NEWPORT NEWS, Va. (WAVY) - After 46 years in Newport News as a the city's largest attraction, financial issues on the horizon could close the Virginia Living Museum.
Summer flooding, lack of state funding and fewer revenues have created an economic storm for the museum. Officials say the museum has gone through its $2 million reserve fund and could see a dramatic end to funds by the end of this fiscal year at the end of next June.
"We're in need of $400,000 because of the cost of living increases," said Page Hayhurst, the museum's executive director.
The facility has reached out to the city to find new funding options. If no financial solution is found, Hayhurst says the future is grim.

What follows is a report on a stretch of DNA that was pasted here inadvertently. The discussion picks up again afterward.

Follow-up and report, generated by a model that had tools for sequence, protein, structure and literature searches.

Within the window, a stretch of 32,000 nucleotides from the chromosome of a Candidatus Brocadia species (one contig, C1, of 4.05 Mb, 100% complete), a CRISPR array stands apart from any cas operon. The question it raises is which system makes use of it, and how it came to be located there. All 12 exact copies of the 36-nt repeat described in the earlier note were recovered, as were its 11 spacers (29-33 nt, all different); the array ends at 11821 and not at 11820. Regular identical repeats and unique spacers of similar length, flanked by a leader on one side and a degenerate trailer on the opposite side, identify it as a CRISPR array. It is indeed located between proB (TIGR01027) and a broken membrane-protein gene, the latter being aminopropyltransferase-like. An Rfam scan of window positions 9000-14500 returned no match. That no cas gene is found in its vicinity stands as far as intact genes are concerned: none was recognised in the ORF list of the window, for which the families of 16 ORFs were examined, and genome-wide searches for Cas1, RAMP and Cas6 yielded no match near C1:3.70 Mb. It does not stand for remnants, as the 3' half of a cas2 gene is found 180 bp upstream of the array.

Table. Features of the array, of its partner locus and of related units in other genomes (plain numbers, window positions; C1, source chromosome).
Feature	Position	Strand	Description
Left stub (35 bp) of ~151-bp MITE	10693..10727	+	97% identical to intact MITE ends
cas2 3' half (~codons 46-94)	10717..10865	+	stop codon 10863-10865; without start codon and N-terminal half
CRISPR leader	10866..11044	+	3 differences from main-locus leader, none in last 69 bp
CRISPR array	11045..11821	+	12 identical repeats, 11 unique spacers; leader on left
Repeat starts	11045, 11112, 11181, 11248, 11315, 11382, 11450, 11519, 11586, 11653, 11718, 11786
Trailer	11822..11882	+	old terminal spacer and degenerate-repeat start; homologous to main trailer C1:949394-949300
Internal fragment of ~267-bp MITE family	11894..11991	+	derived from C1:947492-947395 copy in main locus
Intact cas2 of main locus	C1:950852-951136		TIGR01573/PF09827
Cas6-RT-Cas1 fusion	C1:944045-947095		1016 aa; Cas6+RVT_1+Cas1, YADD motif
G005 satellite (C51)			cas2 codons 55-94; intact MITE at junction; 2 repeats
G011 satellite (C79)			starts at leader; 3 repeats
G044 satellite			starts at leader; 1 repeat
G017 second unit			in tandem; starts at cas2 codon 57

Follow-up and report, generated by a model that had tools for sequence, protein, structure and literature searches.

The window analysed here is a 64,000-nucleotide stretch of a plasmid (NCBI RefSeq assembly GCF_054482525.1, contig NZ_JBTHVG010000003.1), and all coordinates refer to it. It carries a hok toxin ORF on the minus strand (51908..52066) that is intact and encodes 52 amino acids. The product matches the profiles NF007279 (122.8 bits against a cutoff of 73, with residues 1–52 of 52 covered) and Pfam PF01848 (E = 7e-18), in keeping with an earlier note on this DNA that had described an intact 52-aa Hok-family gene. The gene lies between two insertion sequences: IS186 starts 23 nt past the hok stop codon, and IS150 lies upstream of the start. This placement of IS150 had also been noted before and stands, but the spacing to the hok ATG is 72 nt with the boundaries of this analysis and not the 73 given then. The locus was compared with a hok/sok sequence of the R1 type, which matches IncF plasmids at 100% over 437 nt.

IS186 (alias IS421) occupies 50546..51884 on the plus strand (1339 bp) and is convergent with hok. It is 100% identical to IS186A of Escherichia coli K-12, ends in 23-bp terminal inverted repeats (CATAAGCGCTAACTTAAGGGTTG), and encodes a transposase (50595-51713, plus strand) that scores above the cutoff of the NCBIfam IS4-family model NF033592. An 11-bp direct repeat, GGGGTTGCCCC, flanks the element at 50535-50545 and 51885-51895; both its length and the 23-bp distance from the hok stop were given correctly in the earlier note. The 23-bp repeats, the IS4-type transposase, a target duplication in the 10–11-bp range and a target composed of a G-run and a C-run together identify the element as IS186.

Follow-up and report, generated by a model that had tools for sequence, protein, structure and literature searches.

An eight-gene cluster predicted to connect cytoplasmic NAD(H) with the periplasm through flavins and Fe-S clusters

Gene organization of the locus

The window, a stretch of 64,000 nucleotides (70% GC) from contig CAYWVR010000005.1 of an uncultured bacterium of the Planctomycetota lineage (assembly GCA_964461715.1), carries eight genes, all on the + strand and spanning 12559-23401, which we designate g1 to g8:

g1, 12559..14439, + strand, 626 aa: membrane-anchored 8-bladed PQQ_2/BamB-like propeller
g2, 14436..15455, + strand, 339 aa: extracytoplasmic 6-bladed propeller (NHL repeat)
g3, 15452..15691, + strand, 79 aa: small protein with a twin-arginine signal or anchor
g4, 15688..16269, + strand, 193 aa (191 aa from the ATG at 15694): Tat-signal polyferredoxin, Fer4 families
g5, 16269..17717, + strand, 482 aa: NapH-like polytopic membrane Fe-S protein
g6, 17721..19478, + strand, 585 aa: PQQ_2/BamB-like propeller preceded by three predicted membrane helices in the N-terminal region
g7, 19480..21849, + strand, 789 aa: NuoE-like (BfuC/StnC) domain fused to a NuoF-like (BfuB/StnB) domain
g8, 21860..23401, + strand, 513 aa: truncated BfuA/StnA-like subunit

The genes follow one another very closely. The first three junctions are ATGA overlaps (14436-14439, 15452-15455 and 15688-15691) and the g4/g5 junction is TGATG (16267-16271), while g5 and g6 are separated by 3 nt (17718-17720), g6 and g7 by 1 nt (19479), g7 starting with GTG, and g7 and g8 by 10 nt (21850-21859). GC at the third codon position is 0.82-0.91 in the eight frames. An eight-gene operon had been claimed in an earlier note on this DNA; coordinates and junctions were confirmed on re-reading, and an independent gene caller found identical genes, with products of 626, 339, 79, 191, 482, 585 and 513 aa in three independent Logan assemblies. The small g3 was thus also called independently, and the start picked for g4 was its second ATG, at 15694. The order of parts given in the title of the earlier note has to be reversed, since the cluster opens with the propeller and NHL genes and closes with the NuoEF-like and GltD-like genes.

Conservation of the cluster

"We believe we'll have to reduce our staff and when we do that, because each one of our staff members have to provide services for members and visitors, we will see a decline in our revenues that will eventually lead to us having to close," Hayhurst said.
Hayhurst says a committee of museum and city staffers is working on solutions to the cash crunch.
Norfolk Fire & Rescue officials said a train went off its track Dec. 5, 2013 in the area of East Princess Anne and Ingleside roads.
HazMat crews have identified the material on a derailed train in Norfolk as cement. East Princess Anne and Ingleside roads have reopened to traffic.
A portion of Dominion Boulevard in Chesapeake is shut down until Friday morning as part of an emergency closure.